“Privacy” is acknowledged as “a fundamental human right in the U.N. Declaration of Human Rights, the International Covenant on Civil and Political Rights, and in many other international and regional treaties.” But, for all the weight and importance that the term “privacy” may generate, it has long been a challenging term to accurately define. Specifically, it has been laborious for global regulators to pinpoint precisely what constitutes “privacy” and link such a definition to a consequential “fundamental human right.”
Challenges surrounding the creation of a workable definition of privacy are not new. Sources indicate differing cultural significance behind the term has always been at the forefront of the struggle to encompass privacy in a singular definition. As elegantly noted by Helen Nissenbaum in her book Privacy in Context, privacy has been grappled with for so long because “attempts to define it have been morally controversial and have been accused of vagueness and internal inconsistency – of being overly inclusive, excessively narrow, or insufficiently distinct from other value concepts.”James Q. Whitman in his article, The Two Western Cultures of Privacy: Dignity Verses Liberty, brings the struggle mentioned by Nissenbaum into the global sphere by correctly identifying that a universal definition of privacy “supposes human beings have a direct, intuitive grasp of right and wrong – an intuitive grasp that can guide us in our ordinary ethical decision making.” Although many can agree that some form of privacy violation is not ideal, what constitutes a privacy “intrusion” is not “shared by all human beings.”
Therefore, the primary challenge surrounding the definition of privacy stems from cross-cultural notions of privacy. Better said, “the sense of what must be kept ‘private,’ of what must be hidden before the eyes of others, seems to differ strangely from society to society.” To understand why “intuitions” surrounding privacy may differ, it is crucial to acknowledge that various cultures emphasize different values or norms in society through the process of socialization. Socialization is defined as a way “through which people develop culturally patterned understandings, behaviors, values, and emotional orientations.” Social values, in turn, create the legal rules and institutions that govern society. This principal can be summarized through the term “juridified intuitions,” which refers to “intuitions that reflect our knowledge of, and commitment to, the basic legal values of our culture.” Thus, privacy can be described as a very “localized” experience in the sense that “it is the product of local social anxieties and local ideals.” While in the United States, “local anxieties” surrounding privacy focus primarily on protection from authority (police, government), in Europe, such anxieties are composed of the protection and guarantee of personal honor, respect, and dignity.Localized anxieties (or socialized cultural norms/values) are accurately reflected in a respective country’s legal values.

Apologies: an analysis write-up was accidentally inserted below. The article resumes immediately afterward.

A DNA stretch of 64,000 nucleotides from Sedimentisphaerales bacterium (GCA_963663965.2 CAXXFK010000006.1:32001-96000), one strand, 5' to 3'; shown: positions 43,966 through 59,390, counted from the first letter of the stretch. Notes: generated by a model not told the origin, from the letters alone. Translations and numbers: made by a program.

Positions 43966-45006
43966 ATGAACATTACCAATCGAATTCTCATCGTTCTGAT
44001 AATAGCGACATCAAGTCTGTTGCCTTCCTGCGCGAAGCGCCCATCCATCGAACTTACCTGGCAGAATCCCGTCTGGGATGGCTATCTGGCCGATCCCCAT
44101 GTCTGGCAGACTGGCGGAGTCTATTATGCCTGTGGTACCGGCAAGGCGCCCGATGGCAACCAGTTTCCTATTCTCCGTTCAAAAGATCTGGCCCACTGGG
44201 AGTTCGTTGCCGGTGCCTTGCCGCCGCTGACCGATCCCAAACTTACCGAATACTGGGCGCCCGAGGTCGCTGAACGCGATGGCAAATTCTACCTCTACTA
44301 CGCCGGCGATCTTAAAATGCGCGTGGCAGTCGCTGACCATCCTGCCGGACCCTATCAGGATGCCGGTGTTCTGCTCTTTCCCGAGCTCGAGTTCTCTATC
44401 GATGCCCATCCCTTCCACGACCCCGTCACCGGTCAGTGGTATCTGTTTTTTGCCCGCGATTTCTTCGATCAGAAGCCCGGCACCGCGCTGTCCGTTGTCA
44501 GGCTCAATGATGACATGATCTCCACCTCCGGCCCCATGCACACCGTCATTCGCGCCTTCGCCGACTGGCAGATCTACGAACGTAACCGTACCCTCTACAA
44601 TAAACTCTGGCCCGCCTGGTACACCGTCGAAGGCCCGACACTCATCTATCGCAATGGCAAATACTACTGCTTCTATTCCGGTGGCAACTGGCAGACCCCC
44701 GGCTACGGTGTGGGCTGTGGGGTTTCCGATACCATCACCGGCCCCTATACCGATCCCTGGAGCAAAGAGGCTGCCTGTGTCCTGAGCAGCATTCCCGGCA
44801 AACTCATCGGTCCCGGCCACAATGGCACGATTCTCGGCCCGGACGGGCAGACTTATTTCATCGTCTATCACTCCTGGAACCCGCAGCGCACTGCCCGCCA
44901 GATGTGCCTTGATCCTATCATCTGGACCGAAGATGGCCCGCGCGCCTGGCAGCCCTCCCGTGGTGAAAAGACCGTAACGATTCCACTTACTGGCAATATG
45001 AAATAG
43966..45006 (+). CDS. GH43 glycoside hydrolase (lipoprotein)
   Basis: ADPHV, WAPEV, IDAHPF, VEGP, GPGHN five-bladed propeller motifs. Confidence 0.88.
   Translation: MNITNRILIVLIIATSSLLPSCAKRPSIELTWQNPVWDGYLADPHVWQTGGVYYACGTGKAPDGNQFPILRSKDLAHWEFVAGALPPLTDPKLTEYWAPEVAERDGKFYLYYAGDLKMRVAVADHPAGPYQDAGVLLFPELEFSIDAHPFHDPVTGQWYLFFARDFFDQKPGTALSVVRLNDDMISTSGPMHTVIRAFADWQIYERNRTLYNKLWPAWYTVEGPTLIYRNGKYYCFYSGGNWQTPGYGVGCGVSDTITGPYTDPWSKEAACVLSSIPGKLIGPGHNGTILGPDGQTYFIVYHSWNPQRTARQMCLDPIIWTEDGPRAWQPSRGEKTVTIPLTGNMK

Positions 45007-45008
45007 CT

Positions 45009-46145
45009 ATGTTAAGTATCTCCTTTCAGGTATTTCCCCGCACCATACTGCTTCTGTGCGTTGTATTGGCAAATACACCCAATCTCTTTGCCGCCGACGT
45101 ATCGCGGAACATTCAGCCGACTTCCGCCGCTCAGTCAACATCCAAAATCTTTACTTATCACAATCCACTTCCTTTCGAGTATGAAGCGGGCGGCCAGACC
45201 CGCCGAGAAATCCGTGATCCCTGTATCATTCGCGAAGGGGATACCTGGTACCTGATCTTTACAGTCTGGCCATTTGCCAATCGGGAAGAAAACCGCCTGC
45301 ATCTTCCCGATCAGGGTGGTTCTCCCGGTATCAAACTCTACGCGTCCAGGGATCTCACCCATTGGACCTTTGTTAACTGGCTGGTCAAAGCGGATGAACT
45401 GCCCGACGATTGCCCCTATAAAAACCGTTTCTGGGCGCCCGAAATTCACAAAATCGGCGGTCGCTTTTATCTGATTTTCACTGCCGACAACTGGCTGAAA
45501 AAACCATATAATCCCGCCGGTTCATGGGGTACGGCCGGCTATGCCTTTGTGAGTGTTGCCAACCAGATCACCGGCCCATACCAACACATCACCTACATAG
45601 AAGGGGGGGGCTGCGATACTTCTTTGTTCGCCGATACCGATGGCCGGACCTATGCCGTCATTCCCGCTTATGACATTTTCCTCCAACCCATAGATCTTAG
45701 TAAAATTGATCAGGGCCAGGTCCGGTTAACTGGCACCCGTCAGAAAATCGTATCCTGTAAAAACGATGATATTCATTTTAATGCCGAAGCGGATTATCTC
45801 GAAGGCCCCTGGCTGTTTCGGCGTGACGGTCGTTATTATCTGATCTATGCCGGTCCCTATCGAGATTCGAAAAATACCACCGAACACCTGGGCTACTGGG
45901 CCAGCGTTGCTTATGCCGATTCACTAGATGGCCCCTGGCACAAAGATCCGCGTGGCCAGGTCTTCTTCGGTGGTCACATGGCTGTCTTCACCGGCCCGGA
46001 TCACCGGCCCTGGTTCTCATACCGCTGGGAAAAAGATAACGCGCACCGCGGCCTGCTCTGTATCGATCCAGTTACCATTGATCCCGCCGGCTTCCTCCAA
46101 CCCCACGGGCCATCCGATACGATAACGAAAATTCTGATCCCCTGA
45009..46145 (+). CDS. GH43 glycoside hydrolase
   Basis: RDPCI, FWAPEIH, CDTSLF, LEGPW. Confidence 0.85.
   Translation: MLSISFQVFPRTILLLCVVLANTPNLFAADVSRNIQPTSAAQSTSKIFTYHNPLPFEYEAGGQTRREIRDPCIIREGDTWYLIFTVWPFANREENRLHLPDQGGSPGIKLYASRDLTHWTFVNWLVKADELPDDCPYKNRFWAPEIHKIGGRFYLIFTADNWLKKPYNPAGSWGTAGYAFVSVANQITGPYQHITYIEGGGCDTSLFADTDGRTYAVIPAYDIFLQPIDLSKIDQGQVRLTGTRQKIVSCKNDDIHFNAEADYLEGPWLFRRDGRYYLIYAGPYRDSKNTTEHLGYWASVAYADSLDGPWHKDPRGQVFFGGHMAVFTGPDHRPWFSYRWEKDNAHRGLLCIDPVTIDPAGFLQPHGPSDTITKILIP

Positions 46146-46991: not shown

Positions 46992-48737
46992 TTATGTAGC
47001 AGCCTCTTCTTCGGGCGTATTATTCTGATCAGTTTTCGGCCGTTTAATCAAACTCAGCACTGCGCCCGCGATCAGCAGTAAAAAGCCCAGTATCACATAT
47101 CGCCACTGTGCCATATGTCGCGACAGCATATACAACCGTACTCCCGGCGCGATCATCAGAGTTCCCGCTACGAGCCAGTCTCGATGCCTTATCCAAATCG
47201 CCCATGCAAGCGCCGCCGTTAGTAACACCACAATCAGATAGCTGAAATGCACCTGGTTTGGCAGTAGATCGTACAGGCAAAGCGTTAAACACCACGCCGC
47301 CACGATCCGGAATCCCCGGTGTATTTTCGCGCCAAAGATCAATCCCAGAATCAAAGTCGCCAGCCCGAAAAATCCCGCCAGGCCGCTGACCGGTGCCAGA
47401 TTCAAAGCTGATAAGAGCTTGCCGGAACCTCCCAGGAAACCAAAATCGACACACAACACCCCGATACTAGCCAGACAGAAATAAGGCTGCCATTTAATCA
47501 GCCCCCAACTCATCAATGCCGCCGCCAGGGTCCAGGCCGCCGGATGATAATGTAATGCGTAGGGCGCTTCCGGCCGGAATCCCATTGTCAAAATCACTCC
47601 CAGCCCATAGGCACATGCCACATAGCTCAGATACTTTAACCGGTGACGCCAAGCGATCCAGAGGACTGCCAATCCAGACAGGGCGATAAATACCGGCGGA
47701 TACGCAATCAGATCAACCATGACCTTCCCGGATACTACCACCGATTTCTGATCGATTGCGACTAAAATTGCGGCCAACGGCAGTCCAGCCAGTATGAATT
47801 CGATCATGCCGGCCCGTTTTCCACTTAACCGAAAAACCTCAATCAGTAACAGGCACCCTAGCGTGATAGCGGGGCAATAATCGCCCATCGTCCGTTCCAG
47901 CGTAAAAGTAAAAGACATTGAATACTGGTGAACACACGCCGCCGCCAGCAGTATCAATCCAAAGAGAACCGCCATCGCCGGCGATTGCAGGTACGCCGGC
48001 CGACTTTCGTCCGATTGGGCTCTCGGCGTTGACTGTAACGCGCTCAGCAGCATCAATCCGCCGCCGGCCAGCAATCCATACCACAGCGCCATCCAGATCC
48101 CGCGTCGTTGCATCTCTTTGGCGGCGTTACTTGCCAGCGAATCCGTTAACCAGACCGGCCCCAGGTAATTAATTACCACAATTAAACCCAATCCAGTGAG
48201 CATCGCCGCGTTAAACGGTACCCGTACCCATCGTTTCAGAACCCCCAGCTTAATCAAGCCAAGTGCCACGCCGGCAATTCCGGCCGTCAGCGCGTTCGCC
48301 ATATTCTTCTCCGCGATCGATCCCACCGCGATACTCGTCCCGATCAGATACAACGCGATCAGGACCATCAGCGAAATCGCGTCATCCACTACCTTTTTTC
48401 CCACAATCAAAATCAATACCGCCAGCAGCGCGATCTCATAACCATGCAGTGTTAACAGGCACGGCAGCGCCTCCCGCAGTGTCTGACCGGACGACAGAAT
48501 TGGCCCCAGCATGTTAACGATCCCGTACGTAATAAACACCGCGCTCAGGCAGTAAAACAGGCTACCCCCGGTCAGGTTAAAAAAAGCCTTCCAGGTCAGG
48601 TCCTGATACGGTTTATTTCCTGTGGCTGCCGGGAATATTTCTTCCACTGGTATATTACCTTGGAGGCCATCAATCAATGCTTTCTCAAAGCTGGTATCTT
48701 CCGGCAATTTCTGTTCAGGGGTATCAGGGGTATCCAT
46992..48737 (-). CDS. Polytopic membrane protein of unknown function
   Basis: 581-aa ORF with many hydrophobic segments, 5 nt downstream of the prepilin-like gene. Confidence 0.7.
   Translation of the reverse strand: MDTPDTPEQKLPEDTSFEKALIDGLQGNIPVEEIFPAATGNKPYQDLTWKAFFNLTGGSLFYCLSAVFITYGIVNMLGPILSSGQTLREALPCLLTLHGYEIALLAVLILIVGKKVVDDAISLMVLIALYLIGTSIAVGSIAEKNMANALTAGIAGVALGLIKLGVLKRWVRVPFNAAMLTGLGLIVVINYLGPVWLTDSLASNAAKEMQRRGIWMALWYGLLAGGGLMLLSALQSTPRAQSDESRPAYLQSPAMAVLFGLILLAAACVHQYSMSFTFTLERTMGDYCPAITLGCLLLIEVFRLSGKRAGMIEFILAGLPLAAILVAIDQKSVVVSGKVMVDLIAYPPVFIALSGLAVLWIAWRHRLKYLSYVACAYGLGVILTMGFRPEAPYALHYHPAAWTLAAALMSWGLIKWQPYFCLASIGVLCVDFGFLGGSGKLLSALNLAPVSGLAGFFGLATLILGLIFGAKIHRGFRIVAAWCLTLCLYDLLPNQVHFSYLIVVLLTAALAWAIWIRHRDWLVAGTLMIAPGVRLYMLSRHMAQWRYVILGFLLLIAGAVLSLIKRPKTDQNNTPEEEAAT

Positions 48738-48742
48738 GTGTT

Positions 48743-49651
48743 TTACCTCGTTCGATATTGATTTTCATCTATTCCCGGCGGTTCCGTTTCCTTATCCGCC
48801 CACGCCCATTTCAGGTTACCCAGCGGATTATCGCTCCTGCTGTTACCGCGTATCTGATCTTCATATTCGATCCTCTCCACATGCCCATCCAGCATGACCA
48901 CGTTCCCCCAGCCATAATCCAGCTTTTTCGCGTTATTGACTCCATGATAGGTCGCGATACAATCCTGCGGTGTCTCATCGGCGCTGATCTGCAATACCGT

Recent research conducted at Columbia Business School provides some insight into how global regulators can effectively impact the sphere of internet privacy despite differing notions of which privacy protections are most necessary. Studies were conducted across the scope of 38 countries, with a total of 534 participants, and four separate privacy concerns were surveyed among the group: (1) collection; (2) unauthorized secondary use; (3) improper access; and (4) errors. Findings indicate that the more familiarity an individual has with removal procedures, the lower their level of concern and discomfort surrounding privacy infringement becomes. To increase levels of trust, online companies need to “increasingly customize their information collection and management strategies to match the privacy concerns of consumers in different regions. Consequently, it has been suggested that the best strategy for regulators may be through consumer education and empowerment as opposed to universal regulation. The limits to this research should be noted, as internet experience in itself is a rather restrictive category; access to and use of internet technology differs vastly across the globe, and it is essential not to pigeonhole privacy regulation to solely be defined by the use of advanced technology.
The complexity and challenge surrounding a universal definition of privacy presents a unique but obvious problem. The cultural meaning behind privacy makes many prior definitions either too broad, too narrow, or just inapplicable. Regulators need to get more creative in their search for a universal solution. Perhaps a universal definition cannot be created, but a universal plan to empower individuals, across all cultures, through the knowledge of self-employed privacy tools is a possibility. Global regulators need to acknowledge that privacy gets at a deeper issue – it speaks to the fundamental rights and values that each society independently experiences and is shaped by. In the realm of privacy, difference is inevitable. It is time that regulators embrace such varieties of privacy and meet the issue of global regulation with a more creative and innovative approach that is both inclusive and applicable to all.
 James Q. Whitman, The Two Western Cultures of Privacy: Dignity Verses Liberty, 133 YALE L.J. 1151, 1151, (2003-4).
 Helen Nissenbaum, Privacy in Context 2 (2009).
 Whitman, supra note 2 at 1154.
 Id. at 1155.
 Id. at 1153.
 Socialization, OXFORD BIBLOIOGRAPHIES, https://www.oxfordbibliographies.com/view/document/obo-9780199766567/obo-9780199766567-0133.xml (last visited Oct. 1, 2021).
 Whitman, supra note 2 at 1160.
 Id. at 1119.
 Id. at 1120.
 Steven Bellman et al., International Differences in Information Privacy Concerns: A Global Survey of Consumers, COLUMBIA BUSINESS SCHOOL, https://www8.gsb.columbia.edu/sites/decisionsciences/files/files/1172.pdf.